If you love our food, advocate for us. Our food is our love language to you. Believe our experiences. Recognize the systematic inequalities. Understand that we experience micro-aggressions, even if you don’t. Share our stories. Ask about our stories. The Asian experience is very broad and you’re missing out on the really cool details if we’re just lumped together in one Asian category.

Learn where our products come from. Chances are, they are the product of immigrants and from people all over the world. It is irresponsible to be the beneficiary of our products and culture but not acknowledge where they come from

Also, understand what privilege even means. It’s not the presence of an advantage. It’s the absence of impediments. Everyone wants to stay on course. But some have more tomatoes being thrown at them, which slows them down.

How do you talk to your families/peers about the recent hate crimes against the AAPI community? And what is your personal position relating to this?

First, I want to talk about how difficult even getting a conversation about this is. We were taught to stay quiet. We were taught to not rock the boat. We were taught to keep our head in the book and focus on studies. This generational conditioning has handicapped us because it closed off expression of our feelings. No wonder mental health is a crisis. This is our opportunity to break that cycle and to bring it to surface and this in itself is a challenge. When our peers tell us to not get involved, we tell them that that old way of doing things isn’t serving us well anymore, and that we will be speaking up. The older generations kept quiet in order to survive. We will be speaking up in order to survive.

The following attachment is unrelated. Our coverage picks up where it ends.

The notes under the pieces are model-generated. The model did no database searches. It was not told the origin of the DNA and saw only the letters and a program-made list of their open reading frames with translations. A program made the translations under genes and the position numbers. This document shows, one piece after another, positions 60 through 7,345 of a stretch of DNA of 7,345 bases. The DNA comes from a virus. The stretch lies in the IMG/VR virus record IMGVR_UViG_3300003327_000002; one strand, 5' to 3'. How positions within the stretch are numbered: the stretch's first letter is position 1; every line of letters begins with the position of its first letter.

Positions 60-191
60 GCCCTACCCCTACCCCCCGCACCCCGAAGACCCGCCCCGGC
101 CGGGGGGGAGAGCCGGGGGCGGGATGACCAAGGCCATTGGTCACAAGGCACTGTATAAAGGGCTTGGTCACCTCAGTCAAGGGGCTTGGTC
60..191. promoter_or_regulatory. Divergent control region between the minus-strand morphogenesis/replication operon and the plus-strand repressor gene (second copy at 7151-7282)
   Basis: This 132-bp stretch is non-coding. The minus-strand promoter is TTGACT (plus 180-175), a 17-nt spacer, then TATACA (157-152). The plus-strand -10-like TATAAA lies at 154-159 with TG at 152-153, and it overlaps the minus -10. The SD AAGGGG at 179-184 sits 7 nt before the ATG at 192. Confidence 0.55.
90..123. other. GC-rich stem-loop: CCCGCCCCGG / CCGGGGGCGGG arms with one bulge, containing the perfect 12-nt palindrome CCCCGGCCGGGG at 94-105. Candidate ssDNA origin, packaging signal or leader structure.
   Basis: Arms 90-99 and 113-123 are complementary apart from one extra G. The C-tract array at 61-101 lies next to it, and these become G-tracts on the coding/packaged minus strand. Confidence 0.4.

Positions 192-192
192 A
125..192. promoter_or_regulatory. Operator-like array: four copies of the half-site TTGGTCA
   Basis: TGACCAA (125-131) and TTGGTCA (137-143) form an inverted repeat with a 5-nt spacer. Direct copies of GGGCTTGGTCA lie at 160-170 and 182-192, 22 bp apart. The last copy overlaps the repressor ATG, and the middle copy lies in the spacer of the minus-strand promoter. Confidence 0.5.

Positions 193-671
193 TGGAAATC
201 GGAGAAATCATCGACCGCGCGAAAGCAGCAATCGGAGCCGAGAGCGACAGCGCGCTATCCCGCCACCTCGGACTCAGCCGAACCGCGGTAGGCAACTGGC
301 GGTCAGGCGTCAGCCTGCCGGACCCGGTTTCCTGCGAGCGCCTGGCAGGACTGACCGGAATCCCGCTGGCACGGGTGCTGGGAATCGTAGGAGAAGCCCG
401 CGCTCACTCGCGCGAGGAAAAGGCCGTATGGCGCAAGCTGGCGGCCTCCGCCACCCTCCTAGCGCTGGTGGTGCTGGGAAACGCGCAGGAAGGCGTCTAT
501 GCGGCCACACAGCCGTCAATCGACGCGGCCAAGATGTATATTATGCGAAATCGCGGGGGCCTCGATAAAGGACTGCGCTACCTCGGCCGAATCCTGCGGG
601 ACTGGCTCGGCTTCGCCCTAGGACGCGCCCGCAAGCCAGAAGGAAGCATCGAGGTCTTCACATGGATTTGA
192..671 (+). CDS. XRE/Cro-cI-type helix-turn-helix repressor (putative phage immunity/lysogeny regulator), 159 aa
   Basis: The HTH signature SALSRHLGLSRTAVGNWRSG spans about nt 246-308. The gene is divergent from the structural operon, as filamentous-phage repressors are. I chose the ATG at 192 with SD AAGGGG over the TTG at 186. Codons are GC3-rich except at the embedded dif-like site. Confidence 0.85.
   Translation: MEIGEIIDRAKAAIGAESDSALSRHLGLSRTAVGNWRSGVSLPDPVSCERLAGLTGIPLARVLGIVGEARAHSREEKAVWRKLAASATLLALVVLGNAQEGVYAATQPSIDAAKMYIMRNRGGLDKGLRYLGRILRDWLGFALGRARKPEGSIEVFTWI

We have a responsibility to validate these experiences and to override our upbringing by talking about it.

What support systems are in place for the AAPI community in your company? For example, who/where one could talk or reflect their feeling freely and safely? Are there any programs that could enhance the connectivity within Asian communities and among Asian communities and other communities? Do you have any professional support and guidance if someone is feeling they are not being treated equally?

I am a one-person company so I hope I create a safe space for myself to talk about these issues. I hope that we’re all giving ourselves the space and allowing ourselves to reflect on what being AAPI means.

Let’s talk about diversity within the AAPI Community, what are the life experiences that are different within this group that have given you different perspectives?

I can only speak from the differences I’ve learned from talking to my colleagues that have recently immigrated here vs. me being born here. It’s like seeing my parents in a way. My parents were in my colleagues’ position coming here as immigrants. This gave me a sense of my privileges; as I am the beneficiary of my parents’ journey while my colleagues talk about their struggles with integration, visa status, etc.

If you could teach someone one thing about your culture, what would it be?

I want to take this opportunity to say that Taiwan is a country. Before I get into the culture, it’s important to put it on the map first. We’re a country that has been barred from the WHO even though we have had a stellar response to the virus at the beginning of the pandemic. Know that we exist. We’re one of the few countries that still practice Traditional Chinese characters. We invented bubble tea. N95 masks. Cat cafes. We have amazing night markets as well! This is also why I teach Traditional Chinese calligraphy. Taiwan is one of the few countries that still use traditional Chinese characters in their writing. This is an important part of my identity and a way for me to preserve my culture.